A promotion and new faces at the Sheriff’s Office

Winston County Probate Judge Sheila Moore, left, swears in the new chief deputy, investigator and patrol deputy for the Winston County Sheriff’s Office. From l-r: Moore, Investigator Matt Roberts, Chief Deputy Caleb Snoddy, Patrol Deputy Matt Owens and Winston County Sheriff Horace Moore.

DOUBLE SPRINGS  -  A new era has begun for the Winston County Sheriff’s Office, with new faces in the roles of  chief deputy, investigator and  patrol deputy.
Caleb Snoddy, who has worked as one of the office’s investigators, was officially named chief deputy, replacing Brett Rodgers, who went back to the Addison Police Department, where he worked before coming to the sheriff’s office.
Joining the sheriff’s office as investigator is Matt Roberts, from Haleyville, with Matt Owens from Arley coming on as a patrol deputy.
Snoddy, Roberts and Owens were sworn-in by Winston County Probate Judge Sheila Moore on Thursday, May 20, at the probate office in Double Springs.
“I do solemnly swear  that I will support the Constitution of the United States and the Constitution of the State of Alabama so long as I continue a citizen thereof, and that I will faithfully and honestly discharge the duties of the office of which I am about to enter to the best of my ability, so help me God,”  was the oath taken by each.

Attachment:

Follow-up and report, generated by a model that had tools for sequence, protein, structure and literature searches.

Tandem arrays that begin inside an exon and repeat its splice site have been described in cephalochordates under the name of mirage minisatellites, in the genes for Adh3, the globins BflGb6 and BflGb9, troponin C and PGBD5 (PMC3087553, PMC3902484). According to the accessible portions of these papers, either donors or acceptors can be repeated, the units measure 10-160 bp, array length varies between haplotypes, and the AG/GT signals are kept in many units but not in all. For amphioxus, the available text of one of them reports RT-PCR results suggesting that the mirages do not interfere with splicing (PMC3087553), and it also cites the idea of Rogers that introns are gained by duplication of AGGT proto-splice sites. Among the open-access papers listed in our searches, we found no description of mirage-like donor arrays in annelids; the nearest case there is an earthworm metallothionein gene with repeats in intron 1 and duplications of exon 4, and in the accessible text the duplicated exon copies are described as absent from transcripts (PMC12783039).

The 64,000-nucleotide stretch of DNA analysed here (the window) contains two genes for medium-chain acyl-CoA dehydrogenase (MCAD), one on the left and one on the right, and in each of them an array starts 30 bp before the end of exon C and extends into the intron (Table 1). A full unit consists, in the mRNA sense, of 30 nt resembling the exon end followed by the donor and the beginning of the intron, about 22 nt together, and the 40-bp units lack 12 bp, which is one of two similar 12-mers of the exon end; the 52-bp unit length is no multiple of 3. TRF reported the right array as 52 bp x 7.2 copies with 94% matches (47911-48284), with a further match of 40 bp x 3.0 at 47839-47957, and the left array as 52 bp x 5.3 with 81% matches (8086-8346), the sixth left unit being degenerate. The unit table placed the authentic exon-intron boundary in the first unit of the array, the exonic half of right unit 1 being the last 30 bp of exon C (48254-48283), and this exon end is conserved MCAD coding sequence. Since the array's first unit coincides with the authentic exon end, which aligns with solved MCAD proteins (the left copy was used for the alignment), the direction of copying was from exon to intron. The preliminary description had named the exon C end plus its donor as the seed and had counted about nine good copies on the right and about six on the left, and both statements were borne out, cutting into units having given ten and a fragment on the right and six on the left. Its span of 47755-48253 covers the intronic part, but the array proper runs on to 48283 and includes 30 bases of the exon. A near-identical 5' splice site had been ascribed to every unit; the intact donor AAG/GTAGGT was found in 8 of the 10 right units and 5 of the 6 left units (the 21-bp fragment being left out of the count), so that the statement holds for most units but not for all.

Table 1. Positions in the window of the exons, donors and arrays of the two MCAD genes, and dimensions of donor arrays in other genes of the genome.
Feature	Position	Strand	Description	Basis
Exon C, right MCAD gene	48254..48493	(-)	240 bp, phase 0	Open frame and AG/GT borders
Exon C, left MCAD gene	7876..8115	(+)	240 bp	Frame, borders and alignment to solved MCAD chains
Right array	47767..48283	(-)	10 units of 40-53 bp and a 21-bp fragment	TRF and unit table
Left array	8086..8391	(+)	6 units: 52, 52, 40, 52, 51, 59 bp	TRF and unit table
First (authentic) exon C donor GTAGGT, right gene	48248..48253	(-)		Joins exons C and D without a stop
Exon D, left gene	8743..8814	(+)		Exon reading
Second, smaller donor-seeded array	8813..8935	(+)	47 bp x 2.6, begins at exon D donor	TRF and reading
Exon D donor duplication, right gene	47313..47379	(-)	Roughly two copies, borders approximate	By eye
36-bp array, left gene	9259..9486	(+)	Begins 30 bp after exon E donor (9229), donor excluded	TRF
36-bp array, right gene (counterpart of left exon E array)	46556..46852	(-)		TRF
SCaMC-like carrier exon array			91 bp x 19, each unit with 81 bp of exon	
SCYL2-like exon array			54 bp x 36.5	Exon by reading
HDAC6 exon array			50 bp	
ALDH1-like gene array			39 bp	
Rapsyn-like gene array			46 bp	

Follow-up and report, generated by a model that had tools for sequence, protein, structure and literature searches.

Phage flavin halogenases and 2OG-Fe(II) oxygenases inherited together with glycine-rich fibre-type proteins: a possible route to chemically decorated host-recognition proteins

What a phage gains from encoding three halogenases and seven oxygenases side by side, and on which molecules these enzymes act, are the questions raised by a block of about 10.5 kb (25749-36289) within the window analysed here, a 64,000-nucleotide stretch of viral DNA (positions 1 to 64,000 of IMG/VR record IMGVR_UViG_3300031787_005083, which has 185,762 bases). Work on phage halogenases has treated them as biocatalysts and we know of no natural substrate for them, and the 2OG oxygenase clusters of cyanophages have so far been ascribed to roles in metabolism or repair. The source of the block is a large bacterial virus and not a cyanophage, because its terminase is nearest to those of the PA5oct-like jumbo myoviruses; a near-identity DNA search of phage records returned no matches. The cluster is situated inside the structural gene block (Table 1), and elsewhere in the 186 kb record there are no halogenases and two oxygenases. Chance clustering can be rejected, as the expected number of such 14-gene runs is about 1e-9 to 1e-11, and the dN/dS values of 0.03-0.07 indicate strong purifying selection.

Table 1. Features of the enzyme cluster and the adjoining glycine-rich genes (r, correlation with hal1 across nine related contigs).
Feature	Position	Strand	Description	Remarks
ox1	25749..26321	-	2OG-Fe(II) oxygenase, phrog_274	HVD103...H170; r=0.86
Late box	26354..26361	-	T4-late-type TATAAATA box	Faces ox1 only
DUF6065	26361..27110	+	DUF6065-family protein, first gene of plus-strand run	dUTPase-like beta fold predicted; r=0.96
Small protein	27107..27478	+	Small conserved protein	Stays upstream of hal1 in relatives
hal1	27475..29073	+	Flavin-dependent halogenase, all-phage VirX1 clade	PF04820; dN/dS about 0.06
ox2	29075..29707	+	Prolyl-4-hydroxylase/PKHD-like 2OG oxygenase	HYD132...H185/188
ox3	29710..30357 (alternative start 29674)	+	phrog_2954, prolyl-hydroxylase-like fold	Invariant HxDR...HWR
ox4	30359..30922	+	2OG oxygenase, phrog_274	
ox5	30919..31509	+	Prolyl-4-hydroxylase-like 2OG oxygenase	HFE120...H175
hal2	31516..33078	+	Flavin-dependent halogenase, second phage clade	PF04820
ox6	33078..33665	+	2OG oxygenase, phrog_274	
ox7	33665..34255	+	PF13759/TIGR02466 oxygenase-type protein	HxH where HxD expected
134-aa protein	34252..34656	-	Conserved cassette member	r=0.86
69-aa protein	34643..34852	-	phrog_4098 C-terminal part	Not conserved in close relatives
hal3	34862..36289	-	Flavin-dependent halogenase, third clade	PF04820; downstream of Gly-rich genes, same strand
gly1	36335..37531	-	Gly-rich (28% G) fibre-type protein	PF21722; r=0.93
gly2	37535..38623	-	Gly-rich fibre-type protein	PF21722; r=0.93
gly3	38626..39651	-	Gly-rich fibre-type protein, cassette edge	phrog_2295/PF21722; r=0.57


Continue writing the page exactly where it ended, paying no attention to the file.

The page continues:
A resident of Double Springs, Snoddy started his law enforcement career in Winston County as a volunteer jailer under Sheriff Rick Harris.
Snoddy worked his way up from part-time to full-time status at the jail before being selected to attend the law enforcement academy, where he graduated in August, 2014.
 A few weeks later, Snoddy started at the sheriff’s office as a patrol deputy.  After three years, he was promoted to investigator under Sheriff Tommy Moore.
“I ended up falling in love with it,” Snoddy said. “I enjoyed being an investigator for four years.”
Snoddy was recently asked by Sheriff Horace Moore if he would take on the role of chief deputy after Rodgers resigned.